On Tuesday, October 6, the same week California’s governor, Jerry Brown, signed aid in dying into law there, I wrote an op-ed for The Guardian, “California doctors can offer aid in dying, but many won’t have access.” Here’s an excerpt:
That California is a turning point for advocates is obvious by the numbers: nearly 39 million more people with six months or less to live are now able to ask their doctor for a lethal prescription. But the win was not quick or easy. Barbara Coombs Lee, president of Compassion & Choices, the nation’s largest aid in dying advocacy group, noted in an email to supporters on Monday that this was the organization’s fifth attempt in California since 1995. “Let’s not make others wait so long,” she wrote.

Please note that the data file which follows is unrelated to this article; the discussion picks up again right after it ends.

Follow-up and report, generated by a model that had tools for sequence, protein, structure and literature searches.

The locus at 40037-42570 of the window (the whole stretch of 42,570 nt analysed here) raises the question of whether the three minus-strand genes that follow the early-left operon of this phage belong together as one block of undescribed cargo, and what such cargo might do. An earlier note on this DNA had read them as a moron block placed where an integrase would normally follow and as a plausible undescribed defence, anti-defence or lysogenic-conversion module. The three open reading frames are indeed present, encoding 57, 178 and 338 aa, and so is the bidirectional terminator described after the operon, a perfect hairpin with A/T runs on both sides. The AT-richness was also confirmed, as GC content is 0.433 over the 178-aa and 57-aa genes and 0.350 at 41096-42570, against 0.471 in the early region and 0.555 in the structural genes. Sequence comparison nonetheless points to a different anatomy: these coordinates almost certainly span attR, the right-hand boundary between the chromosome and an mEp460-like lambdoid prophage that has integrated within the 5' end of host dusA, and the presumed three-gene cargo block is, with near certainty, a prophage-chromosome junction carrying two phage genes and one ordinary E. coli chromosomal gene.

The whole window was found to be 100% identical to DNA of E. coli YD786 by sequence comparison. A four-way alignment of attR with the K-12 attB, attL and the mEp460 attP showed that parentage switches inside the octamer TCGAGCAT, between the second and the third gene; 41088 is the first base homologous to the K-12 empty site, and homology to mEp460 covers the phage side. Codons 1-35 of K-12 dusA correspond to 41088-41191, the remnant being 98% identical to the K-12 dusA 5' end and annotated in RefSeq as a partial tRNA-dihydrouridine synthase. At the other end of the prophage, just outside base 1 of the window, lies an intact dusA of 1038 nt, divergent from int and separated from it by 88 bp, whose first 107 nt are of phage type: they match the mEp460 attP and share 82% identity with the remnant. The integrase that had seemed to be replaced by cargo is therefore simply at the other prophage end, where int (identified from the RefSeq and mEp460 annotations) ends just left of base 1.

The most obvious question is not how these laws get passed (with dogged grass-roots activism over decades) but why more states don’t have them. The answer: the Catholic Church opposes them.